Abundant nature's long-term openness to humane biocultural designs

Zygon 44 (2):355-388 (2009)
Abstract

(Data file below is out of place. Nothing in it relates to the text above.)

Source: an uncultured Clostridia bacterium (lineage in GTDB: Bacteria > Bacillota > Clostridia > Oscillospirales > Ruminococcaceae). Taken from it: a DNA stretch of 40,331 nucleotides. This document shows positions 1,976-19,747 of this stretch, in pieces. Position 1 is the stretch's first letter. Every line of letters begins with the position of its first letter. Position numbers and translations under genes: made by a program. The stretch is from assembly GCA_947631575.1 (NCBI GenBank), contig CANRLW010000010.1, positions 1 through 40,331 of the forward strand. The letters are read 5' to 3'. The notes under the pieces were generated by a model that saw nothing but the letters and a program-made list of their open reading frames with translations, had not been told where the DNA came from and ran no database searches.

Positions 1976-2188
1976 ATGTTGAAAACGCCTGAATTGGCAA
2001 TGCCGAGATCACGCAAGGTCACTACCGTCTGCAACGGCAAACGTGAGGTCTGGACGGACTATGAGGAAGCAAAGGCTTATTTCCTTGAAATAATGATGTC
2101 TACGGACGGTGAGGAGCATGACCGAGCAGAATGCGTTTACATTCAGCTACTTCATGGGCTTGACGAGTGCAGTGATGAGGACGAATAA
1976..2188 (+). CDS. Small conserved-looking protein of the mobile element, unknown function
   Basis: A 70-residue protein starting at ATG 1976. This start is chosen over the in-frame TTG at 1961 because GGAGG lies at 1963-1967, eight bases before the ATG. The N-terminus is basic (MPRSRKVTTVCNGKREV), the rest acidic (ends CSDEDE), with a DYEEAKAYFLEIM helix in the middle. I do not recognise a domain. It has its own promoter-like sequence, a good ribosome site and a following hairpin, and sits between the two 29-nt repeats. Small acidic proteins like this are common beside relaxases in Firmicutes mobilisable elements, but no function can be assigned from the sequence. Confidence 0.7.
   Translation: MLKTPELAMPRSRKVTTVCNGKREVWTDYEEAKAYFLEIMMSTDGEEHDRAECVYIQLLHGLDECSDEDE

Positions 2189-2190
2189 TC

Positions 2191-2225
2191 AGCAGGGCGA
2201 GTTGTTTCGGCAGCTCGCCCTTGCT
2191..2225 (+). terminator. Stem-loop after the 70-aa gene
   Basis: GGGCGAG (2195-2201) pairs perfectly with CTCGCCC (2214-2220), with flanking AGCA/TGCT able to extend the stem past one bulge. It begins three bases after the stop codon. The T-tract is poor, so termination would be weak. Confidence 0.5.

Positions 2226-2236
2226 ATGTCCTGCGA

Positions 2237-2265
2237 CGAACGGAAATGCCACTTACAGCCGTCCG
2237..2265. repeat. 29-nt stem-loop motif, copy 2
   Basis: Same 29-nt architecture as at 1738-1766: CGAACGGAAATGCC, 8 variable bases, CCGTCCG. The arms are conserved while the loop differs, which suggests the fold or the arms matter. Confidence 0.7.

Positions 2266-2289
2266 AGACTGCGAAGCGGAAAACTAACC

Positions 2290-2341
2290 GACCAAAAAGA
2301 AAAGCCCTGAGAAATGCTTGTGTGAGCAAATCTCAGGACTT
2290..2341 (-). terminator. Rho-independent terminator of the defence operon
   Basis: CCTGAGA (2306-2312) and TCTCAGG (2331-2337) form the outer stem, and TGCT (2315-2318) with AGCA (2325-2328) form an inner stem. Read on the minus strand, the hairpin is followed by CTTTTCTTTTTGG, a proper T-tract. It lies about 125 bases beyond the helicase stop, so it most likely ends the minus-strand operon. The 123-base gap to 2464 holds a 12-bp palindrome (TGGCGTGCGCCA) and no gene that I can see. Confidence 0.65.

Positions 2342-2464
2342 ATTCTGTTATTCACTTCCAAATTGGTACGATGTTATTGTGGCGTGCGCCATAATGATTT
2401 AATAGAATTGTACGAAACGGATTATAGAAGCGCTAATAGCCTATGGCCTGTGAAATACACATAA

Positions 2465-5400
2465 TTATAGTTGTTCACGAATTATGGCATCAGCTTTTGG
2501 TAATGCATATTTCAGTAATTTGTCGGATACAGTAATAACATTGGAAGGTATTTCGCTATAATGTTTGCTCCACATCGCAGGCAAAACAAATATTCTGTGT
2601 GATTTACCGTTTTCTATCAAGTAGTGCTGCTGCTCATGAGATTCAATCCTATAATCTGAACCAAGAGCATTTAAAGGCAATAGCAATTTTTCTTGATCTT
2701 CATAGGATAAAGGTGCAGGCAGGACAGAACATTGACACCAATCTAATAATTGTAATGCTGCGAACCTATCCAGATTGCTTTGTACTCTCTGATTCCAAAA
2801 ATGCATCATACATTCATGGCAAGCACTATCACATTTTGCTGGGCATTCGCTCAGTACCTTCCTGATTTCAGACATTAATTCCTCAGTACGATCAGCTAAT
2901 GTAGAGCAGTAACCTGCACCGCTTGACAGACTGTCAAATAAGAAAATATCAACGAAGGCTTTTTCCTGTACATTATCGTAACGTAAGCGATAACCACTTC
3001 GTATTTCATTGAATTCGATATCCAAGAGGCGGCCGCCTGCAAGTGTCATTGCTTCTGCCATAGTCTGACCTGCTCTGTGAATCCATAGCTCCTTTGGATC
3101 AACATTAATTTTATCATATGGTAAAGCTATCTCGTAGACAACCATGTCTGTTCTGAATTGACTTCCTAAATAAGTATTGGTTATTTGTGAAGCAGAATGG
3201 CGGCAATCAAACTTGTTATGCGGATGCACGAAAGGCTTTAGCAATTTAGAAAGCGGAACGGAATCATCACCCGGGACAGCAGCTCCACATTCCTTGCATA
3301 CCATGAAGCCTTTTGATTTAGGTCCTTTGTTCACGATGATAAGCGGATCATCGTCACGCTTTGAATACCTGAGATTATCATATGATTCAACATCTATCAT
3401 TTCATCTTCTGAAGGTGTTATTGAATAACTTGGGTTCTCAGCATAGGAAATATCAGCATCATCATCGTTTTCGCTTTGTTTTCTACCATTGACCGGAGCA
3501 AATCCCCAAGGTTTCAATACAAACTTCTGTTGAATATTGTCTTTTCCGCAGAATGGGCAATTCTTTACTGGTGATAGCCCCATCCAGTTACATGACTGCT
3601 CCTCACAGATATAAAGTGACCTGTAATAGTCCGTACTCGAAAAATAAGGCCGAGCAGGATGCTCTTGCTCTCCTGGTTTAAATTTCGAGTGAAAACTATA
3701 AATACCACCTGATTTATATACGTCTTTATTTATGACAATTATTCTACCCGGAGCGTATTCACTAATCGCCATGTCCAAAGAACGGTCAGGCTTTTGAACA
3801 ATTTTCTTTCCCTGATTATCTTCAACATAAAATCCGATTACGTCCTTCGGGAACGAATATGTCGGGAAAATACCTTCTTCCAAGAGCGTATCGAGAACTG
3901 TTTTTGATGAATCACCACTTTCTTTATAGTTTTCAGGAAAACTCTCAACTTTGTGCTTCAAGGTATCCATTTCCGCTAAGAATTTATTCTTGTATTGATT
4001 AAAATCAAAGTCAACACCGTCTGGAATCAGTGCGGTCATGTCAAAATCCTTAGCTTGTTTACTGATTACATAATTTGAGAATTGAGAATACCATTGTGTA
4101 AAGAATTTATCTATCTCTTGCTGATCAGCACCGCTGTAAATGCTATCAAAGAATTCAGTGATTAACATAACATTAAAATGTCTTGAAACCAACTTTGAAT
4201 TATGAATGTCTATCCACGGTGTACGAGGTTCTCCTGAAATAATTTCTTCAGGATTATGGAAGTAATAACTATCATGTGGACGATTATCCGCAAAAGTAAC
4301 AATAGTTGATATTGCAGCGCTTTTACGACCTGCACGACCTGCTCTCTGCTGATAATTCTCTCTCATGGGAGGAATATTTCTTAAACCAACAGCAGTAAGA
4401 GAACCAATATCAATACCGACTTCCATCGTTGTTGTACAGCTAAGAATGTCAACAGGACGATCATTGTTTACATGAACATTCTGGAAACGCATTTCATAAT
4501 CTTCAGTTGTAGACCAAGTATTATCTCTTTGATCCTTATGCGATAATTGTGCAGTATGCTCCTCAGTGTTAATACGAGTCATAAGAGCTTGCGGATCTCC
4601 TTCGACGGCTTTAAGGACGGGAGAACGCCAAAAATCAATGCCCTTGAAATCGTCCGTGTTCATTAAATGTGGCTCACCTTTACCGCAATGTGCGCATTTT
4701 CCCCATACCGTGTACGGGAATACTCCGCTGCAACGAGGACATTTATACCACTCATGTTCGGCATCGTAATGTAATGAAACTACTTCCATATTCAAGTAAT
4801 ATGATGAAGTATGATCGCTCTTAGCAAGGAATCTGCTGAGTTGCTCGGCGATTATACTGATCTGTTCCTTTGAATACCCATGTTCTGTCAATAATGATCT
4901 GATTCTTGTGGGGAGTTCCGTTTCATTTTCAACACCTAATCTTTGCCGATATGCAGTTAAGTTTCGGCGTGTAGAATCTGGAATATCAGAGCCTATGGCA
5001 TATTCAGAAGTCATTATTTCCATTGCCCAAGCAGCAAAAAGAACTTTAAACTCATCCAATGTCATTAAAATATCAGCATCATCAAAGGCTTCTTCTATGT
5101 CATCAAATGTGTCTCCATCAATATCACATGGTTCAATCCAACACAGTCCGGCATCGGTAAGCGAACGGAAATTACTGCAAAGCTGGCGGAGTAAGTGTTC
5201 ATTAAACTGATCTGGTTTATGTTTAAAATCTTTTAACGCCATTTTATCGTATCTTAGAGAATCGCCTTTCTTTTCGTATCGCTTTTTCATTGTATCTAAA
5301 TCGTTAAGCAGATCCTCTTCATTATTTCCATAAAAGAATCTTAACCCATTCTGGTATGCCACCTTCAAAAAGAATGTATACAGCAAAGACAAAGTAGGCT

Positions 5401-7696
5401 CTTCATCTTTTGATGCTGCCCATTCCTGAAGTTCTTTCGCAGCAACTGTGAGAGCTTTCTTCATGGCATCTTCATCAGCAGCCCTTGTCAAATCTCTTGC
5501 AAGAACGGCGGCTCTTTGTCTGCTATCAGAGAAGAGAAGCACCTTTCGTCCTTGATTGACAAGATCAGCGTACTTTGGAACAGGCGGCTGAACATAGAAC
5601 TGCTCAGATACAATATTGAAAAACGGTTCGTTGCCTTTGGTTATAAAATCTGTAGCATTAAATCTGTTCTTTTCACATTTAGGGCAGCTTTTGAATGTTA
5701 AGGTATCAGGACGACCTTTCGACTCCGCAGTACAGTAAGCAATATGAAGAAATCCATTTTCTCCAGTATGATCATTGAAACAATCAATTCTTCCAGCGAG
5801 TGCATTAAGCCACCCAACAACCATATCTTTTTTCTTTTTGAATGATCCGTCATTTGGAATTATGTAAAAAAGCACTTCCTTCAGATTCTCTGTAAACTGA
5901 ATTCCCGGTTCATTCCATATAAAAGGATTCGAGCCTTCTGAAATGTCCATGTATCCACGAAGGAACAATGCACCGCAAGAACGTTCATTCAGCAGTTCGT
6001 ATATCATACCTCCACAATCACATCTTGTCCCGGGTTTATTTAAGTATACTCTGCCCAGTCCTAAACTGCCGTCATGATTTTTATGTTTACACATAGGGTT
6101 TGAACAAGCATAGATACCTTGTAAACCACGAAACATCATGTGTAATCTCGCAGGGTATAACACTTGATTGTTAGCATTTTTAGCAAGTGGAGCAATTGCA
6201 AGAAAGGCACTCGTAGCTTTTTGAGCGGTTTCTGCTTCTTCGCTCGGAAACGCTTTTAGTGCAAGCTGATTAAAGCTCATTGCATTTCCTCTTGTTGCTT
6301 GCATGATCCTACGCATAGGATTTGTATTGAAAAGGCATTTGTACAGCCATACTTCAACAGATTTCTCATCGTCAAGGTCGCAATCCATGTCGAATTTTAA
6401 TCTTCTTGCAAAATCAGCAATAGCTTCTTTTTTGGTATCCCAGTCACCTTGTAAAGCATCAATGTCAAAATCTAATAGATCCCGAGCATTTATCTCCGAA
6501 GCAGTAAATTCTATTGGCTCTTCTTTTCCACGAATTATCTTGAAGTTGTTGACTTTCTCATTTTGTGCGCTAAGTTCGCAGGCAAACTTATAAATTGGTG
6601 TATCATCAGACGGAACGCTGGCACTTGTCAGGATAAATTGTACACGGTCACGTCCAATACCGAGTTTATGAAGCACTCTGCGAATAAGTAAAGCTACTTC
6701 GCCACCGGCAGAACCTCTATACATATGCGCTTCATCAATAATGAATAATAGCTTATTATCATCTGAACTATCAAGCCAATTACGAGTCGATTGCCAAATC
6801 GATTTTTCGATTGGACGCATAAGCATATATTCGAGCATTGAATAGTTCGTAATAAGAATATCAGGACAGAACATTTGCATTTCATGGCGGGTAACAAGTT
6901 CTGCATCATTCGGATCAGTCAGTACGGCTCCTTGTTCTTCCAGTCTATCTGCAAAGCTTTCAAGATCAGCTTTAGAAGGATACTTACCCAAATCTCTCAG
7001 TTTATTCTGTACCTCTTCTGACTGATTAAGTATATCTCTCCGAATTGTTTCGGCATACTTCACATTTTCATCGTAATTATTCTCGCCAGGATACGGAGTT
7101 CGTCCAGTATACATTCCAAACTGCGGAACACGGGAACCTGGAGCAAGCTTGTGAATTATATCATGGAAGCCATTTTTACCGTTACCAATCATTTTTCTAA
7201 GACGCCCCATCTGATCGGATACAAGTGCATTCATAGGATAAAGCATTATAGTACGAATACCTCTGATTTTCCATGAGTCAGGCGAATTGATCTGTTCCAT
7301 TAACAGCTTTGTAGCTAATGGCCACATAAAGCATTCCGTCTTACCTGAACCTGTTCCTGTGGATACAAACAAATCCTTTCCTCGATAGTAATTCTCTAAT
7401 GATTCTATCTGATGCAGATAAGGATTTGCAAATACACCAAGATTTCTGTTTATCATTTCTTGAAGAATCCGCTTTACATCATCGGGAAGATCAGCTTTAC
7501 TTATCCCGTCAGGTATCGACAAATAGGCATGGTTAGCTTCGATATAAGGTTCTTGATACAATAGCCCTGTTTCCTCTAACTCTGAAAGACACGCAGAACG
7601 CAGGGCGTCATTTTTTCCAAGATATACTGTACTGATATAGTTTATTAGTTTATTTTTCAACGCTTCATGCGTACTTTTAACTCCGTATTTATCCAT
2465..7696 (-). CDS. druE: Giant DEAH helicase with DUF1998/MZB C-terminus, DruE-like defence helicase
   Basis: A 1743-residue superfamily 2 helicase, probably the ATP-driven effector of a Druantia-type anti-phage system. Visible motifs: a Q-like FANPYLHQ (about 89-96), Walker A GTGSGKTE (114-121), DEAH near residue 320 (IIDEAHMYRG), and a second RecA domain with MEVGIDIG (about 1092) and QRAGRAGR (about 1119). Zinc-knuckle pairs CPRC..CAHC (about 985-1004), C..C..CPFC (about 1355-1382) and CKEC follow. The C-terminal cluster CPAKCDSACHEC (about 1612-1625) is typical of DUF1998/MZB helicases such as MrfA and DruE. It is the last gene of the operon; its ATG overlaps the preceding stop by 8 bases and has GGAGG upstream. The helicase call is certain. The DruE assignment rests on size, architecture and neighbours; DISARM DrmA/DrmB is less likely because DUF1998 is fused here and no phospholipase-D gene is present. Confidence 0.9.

Not by Genes Alone excellently explains Peter J. Richerson and Robert Boyd's important ideas about human gene-culture co-evolution to a broader audience but remains short of a larger vision of civilization. Several decades ago Ralph Burhoe had seen that fertile possibility in Richerson and Boyd's work. I suggest getting past present reductionistic customs to a scientific perspective having an integral place for virtue. Subsystem agency is part of this view, as is the driving role of abundance, whose ultimate origins are in the mysterious, quintessentially energetic Big Bang. The free-rider problem may not impede higher social organization as inexorably as Richerson and Boyd believe; "the tragedy" of enervating leakage from "the commons" may often be less influential than an invigorating flow of externalities to the commons. Eukaryotic origins mark the origin of inevitable wider sharing as higher living systems evolve. I use a metaphor of flesh and spirit in drawing a parallel between that turning point and the wide sharing that occurs in civilization. This helps solve the enigma of the demographic transition. Why do so many productive participants in first-world societies severely restrict their selfish-gene reproduction to below replacement birth rate? It is not because culture is maladaptive but because civilization's brain and womb have become partially differentiated in distinct populations. Considerations of social boundaries, myths of sacrifice, and human creativity help in understanding how human social evolution taps potentials present in reality. Human beings' diverse vigorous activities—the organized ones and the inadvertent ones, the wise and the foolish, the good and the bad, the carefully thoughtful and the merely playful—provide the ground of being, or primordial soup, for cultural entities that transcend our intentions. If we have it right for the most part and are fortunate, we will continue to emerge at higher levels.
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